Historically, government and the military drove innovation, with the private sector following suit. Big governments and institutions such as a country’s air force have always had a pressing need to innovate. Security needs precede any others when it comes to a nation’s safety. However, because of the decreasing cost of technology, global access to it, and the significant amount of private funding pouring into tech, it is not big governments looking to learn from the private sector. It is the exact opposite.
A good example of consumer technology which could have security related applications (or even step in where government is unable to act) is the tech presented at the annual Consumer Electronics Show (CES). We’ll recap broader trends from this show that could be relevant to security.
Smart cities tech
Smart cities tech can encompass several technologies to help make a city run smoother, such as transportation and IoT. Many panels at CES had a focus on cyber – as in a future interconnected world where terrorist would hack a city to wreak havoc. An example of what a future smart city could look like was announced at this year’s conference. As covered in this ZDNET article “Toyota plans to build a smart city called Woven City that will sit at the base of Mt. Fuji in Japan, be powered by hydrogen fuel cells and test autonomy, robotics and artificial intelligence technology.” The question from our perspective: What steps are being taken to secure this city?
One of the most important verticals is technology which helps us recover from the increasing amount of natural disasters. Cybersecurity plays a part, as does ensuring supply chains. While many conference panels focused on the future of technology and its impact, some voices felt that CES was not properly addressing pressing global problems. As this Washington Post article covered “with each CES, more reality creeps in. For the second consecutive year, the event had a section focused on climate change-related technology with the optimistic name “Resilience.” Other devices on display hinted at general heightened anxiety and helicopter parenting of the digital age, with tech to help you sleep, meditate and track everything and person in your life to make sure they’re okay.”
AI, 5G and IoT
The combo of the increasing pervasiveness of AI into our daily lives, the explosion of IoT connected devices, and the possibility of 5G have been hyped recently. While there is still a lot of hand waving on how 5G will improve our lives, we were assured that it will completely transform everything. Aside from a lot of the marketing hype analysts are at least providing real economic figures on 5G’s impact “with research suggesting that 5G is expecting to provide $12.3 trillion of global economic output, and support 22 million jobs around the world by 2035, the potential is huge. Not only will the technology support devices, but it can also transform lives.” While those are impressive numbers and the speed and ability of 5G to process all that data sounds game changing, we’ll wait to see how this will impact our lives.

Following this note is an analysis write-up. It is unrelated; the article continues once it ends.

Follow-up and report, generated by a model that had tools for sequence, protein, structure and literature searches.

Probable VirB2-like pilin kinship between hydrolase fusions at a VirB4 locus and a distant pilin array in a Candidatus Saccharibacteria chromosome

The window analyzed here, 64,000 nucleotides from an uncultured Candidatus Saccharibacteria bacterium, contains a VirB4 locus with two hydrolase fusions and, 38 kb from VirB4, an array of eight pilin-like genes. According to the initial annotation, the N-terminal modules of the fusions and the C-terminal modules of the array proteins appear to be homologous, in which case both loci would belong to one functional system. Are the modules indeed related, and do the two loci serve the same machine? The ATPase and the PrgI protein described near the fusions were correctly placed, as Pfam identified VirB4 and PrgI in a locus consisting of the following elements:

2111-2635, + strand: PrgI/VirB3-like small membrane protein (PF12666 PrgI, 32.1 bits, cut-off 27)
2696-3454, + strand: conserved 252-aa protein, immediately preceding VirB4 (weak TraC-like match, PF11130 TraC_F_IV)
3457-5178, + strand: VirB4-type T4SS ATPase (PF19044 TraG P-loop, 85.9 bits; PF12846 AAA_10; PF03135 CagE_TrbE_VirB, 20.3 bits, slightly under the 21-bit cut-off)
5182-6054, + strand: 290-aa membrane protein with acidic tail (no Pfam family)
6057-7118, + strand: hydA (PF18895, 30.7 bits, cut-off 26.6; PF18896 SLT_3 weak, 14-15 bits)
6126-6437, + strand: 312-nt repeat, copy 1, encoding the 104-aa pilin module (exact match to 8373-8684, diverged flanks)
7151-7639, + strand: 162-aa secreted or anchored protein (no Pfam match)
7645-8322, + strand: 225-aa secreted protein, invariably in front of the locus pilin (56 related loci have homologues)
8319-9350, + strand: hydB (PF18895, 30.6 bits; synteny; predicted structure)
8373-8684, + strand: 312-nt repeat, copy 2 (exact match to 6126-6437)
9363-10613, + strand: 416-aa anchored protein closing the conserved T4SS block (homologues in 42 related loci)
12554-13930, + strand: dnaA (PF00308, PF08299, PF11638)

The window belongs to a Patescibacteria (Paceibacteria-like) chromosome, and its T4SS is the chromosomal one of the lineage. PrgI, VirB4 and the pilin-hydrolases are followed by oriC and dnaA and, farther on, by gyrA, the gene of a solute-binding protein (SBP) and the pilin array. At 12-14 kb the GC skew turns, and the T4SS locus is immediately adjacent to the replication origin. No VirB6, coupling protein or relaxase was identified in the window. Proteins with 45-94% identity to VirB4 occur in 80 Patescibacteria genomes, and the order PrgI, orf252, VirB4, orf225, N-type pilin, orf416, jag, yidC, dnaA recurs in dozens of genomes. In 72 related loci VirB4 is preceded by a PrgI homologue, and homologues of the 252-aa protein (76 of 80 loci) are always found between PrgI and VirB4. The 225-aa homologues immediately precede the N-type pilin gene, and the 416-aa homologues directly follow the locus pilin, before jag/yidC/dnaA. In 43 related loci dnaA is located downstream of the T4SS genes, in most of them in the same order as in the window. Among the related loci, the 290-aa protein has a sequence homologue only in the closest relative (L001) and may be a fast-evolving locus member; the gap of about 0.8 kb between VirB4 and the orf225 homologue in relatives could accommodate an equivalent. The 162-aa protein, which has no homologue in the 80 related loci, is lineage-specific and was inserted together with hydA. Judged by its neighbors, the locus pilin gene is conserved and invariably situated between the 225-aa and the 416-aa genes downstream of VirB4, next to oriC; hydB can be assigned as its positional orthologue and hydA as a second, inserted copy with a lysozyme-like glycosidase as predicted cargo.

Flying cars may become a reality. While this seems like something out of a Hollywood movie, we may see flying cars in the skies one day soon. It depends on how you look at what “flying vehicles” means as many are akin to drones which carry human passengers. Bell’s flying car prototype has been showcased the last few years at CES, but it looks closer to coming into operation. From a security perspective, flying vehicles could serve as first responders on the battlefield and in civilian capabilities. In related news to the prototype vehicles showcased at CES, Boeing Eyes Israeli Company’s Patented Propulsion Tech For ‘Flying Vehicles’ so this may become a reality in the near future.
While we focus on privacy issues with big tech (here at Interfor as those abuses are causes for concern) we are overall optimistic about what technology holds for the coming year. CES Tech Show tends to paint an optimistic picture of how technology will improve our lives without much downside, but the show organizers responsibly created a sizeable amount of content on cybersecurity and resilience tech.